The Noose’s Shadow (Master Mercurius Mysteries #4) by Graham Brack

‘My room is cold in winter.  It has always been so, but now that I am over eighty years old, I feel it all the more keenly.’

Master Mercurius may be an old man, but he is full of memories from the past.  And, in this novel, he is remembering a case he solved in Leiden, The Netherlands in 1680.  It is a few years after his successful trip to England when he is approached by Sara, a woman whose husband Jaco has been accused of murder.  Sara has heard of Master Mercurius’s success in solving an earlier case in Delft and wants his help.  She is convinced that Jaco is innocent.

But someone has murdered the farmer named Wolf.  He was found stabbed to death outside his home not long after he and Jaco had words.

Master Mercurius investigates.  He soon finds that nobody liked Wolf, but who would murder him and why?  Mercurius needs to work quickly if he is to save Jaco from the noose.

‘Have you found his killer, Mercurius?’

‘Not exactly.’

‘This is a university, Mercurius.  We deal in precision.  The plausible answers are yes and no.’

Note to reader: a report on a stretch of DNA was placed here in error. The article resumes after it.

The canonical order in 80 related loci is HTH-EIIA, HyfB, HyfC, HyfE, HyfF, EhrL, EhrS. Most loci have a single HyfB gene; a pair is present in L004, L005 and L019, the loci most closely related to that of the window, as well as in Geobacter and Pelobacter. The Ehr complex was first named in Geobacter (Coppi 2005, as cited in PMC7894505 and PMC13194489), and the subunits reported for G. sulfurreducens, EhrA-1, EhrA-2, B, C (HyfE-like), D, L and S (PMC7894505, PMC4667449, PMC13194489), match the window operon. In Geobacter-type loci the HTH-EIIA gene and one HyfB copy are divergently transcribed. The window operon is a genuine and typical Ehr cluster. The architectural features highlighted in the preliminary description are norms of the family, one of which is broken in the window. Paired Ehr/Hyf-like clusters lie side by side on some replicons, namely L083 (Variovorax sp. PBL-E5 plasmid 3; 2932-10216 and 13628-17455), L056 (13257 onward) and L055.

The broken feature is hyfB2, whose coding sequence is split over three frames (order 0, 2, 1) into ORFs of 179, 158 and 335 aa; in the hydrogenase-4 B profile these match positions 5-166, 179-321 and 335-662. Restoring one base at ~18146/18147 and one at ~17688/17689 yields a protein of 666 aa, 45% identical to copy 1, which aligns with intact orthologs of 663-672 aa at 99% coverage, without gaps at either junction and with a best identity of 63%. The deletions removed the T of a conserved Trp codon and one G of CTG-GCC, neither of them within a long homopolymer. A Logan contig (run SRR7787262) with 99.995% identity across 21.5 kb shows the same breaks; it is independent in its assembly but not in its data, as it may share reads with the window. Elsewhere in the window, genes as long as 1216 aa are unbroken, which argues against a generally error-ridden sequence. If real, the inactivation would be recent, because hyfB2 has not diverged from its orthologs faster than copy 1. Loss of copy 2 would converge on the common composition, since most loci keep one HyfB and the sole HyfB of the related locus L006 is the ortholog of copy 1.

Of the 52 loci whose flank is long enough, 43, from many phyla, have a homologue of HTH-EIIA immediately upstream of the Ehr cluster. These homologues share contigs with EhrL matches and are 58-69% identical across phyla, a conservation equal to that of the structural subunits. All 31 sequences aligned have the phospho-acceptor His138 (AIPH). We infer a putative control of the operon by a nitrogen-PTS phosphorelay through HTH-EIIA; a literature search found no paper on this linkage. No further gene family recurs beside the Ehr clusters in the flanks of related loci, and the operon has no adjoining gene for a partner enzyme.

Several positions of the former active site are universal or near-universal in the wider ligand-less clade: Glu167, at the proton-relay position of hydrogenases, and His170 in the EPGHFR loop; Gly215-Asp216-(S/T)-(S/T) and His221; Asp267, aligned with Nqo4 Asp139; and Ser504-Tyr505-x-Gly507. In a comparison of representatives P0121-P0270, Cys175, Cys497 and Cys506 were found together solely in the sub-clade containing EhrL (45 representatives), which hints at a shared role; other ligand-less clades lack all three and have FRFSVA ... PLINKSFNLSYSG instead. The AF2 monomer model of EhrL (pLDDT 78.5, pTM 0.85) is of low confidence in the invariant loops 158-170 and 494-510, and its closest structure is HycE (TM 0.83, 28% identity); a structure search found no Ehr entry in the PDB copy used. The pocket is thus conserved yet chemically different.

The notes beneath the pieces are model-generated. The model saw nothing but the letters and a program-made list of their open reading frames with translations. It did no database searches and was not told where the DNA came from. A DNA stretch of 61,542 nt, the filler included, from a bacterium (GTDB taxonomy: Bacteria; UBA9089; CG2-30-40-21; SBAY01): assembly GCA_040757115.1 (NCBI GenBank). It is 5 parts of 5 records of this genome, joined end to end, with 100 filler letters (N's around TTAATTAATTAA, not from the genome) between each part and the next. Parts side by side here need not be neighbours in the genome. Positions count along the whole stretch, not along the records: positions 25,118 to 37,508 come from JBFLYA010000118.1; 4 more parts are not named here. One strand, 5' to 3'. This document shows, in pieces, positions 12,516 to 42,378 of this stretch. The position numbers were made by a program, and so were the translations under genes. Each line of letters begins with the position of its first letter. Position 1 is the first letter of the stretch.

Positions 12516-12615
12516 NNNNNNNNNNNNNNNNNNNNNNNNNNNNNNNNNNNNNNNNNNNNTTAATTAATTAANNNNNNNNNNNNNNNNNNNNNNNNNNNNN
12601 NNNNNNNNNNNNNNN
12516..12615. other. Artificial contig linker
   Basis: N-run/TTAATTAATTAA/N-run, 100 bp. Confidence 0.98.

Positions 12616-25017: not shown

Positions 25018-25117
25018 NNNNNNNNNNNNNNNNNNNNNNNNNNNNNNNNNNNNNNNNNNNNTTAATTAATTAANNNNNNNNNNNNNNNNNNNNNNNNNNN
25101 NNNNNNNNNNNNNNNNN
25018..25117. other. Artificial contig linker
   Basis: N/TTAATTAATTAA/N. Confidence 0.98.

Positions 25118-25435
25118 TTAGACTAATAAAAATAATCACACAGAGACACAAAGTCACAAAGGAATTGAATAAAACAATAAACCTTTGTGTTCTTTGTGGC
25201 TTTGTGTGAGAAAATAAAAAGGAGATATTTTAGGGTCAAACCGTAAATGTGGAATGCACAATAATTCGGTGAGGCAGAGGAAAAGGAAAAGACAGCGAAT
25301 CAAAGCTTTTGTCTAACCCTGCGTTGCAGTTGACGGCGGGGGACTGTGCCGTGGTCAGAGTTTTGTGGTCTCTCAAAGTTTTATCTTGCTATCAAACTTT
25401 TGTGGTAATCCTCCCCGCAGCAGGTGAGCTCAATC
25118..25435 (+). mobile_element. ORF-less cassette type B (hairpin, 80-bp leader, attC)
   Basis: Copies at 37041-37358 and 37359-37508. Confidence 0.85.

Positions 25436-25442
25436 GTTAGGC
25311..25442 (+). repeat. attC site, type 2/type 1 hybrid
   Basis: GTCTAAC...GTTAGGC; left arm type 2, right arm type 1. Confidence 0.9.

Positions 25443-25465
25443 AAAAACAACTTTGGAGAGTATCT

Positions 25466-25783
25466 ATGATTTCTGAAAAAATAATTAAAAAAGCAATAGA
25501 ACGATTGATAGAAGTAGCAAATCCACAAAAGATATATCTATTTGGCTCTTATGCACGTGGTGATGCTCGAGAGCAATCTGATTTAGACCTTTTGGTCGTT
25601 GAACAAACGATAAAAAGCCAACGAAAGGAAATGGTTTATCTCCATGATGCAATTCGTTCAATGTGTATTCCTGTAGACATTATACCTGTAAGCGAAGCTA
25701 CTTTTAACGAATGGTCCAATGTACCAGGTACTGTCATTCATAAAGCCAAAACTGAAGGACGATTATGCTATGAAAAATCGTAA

‘I’m a lecturer in the Faculty of Theology, Rector.  “Not exactly” is common parlance there.’

Mercurius, despite distractions which sometimes take the form of attractive young women, as well as frequent red herrings to distract the reader, investigates.  There are several potential suspects and Mercurius is conscious, as he meets and questions them, that time is passing.  All the (admittedly circumstantial) evidence seems to point to Jaco. Can Mercurius be mistaken about Jaco’s innocence?

This is a terrific fourth instalment in the Master Mercurius series.  I love his asides as he examines his own conscience and motivation and enjoy the way in which the story unfolds.  Mercurius is a likeably human minister and a priest.

‘You see, when we hear stories that are nearly identical, our nature is to try to harmonise them.  We concentrate on what unites them, and therefore we construct one narrative that leads to one conclusion.’

Note: My thanks to NetGalley and Sapere Books for providing me with a free electronic copy of this book for review purposes. 

Jennifer Cameron-Smith